“Much like a scorpion uses toxin components of its venom to target and kill its prey, we’re using chlorotoxin to direct the T cells to target the tumor cells with the added advantage that the CLTX-CAR T cells are mobile and actively surveilling the brain looking for appropriate target. We are not actually injecting a toxin, but exploiting CLTX’s binding properties in the design of the CAR. The idea was to develop a CAR that would target T cells to a wider variety of GBM tumor cells than the other antibody-based CARs.”

In the same press release, Dr. Brown talks about the promise of this newly developed therapy.

“Our chlorotoxin-incorporating CAR expands the populations of solid tumors potentially targeted by CAR T cell therapy, which is particularly needed for patients with cancers that are difficult to treat such as glioblastoma. This is a completely new targeting strategy for CAR T therapy with CARs incorporating a recognition structure different from other CARs.”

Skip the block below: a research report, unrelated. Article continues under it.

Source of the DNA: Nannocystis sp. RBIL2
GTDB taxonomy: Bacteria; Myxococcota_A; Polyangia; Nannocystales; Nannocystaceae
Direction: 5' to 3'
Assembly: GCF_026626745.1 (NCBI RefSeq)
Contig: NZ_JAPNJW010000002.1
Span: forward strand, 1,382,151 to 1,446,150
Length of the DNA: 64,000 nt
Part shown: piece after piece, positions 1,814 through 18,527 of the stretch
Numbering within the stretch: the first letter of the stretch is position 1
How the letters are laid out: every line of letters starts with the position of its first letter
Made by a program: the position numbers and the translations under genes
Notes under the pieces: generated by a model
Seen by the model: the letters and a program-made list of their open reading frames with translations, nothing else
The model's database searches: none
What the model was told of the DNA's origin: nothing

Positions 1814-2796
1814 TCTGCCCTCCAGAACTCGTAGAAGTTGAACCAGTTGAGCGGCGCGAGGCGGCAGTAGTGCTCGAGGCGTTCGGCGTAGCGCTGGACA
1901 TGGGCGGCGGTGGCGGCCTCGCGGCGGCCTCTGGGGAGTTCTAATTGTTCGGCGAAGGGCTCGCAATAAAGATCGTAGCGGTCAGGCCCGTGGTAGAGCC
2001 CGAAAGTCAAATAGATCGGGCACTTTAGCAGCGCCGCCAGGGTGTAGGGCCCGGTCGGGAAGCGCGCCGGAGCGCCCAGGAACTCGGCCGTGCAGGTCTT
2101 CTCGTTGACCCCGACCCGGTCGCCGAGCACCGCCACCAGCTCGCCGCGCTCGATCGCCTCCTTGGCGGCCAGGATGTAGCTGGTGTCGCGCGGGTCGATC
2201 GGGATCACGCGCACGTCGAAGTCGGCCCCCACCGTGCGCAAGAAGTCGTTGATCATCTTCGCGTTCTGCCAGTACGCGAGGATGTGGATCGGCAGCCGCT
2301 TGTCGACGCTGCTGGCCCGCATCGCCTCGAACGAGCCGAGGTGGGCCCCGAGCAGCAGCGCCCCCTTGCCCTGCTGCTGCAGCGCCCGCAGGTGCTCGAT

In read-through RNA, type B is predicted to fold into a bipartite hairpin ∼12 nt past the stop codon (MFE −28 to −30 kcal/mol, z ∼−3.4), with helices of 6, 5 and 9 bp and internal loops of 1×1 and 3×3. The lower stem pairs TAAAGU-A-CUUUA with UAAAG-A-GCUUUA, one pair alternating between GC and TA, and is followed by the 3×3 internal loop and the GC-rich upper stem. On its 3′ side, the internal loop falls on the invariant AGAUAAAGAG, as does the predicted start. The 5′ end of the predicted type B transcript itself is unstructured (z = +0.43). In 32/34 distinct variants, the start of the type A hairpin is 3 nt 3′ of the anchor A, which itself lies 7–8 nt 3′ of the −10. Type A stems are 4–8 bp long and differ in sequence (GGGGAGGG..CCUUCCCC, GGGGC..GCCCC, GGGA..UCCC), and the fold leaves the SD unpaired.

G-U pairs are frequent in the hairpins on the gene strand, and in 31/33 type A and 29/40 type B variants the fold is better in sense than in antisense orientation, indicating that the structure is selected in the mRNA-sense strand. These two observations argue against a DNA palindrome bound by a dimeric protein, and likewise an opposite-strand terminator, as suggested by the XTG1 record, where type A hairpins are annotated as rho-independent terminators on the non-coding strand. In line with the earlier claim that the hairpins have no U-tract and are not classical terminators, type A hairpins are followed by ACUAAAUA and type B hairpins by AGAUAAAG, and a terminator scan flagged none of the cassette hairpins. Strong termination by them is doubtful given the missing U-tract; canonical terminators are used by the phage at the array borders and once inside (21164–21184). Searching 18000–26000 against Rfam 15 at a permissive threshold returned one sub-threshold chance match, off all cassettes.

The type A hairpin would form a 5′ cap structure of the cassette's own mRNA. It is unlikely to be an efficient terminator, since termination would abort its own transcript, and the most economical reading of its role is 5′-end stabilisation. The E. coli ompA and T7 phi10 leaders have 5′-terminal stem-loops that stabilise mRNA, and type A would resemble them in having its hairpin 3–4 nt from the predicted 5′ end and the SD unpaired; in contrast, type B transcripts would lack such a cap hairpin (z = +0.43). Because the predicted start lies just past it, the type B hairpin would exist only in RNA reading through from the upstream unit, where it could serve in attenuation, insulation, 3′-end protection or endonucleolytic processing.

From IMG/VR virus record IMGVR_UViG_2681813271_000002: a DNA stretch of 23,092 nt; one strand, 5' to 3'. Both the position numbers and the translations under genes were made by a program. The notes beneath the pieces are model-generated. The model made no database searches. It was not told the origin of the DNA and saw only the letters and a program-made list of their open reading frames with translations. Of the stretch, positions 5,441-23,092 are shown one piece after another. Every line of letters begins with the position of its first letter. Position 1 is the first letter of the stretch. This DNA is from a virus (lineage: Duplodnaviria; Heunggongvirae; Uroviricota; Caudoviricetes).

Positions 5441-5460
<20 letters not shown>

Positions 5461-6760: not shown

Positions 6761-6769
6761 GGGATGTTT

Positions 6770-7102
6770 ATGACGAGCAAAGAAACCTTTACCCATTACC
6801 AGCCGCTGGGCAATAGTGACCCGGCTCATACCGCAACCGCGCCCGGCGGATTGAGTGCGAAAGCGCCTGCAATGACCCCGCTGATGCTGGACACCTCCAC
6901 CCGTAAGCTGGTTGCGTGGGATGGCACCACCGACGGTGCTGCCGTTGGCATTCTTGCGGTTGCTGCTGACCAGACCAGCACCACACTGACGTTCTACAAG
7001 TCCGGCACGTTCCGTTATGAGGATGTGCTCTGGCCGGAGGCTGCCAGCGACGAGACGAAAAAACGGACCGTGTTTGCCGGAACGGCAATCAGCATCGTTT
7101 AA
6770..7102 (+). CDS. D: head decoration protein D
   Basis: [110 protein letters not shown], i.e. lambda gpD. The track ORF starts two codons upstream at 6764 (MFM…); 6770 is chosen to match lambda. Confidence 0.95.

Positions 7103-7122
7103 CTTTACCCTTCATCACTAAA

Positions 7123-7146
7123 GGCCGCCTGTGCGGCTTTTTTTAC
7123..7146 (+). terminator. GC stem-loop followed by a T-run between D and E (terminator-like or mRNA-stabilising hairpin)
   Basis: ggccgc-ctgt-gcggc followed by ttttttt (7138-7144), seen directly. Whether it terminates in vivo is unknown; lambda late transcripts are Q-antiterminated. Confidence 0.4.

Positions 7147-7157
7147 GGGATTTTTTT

The first-in-human clinical trial using the CLTX-CAR T cells is now screening potential patients.

CIRM has funded a separate clinical trial conducted by Dr. Brown that also involves CAR-T cell therapy for brain tumors.

The full results of this study was published in Science Translational Medicine.

A video talking about this approach can also be found here.

Ask the Stem Cell Team About Autism

Do an online search for “autism stem cells” and you quickly come up with numerous websites offering stem cell therapies for autism. They offer encouraging phrases like “new and effective approach” and “a real, lasting treatment.” They even include dense scientific videos featuring people like Dr. Arnold Caplan, a professor at Case Western Reserve University who is known as the “father of the mesenchymal stem” (it would be interesting to know if Dr. Caplan knows he is being used as a marketing tool?)

The problem with these sites is that they are offering “therapies” that have never been proven to be safe, let alone effective. They are also very expensive and are not covered by insurance. Essentially they are preying on hope, the hope that any parent of a child with autism spectrum disorder (ASD) will do anything and everything they can to help their child.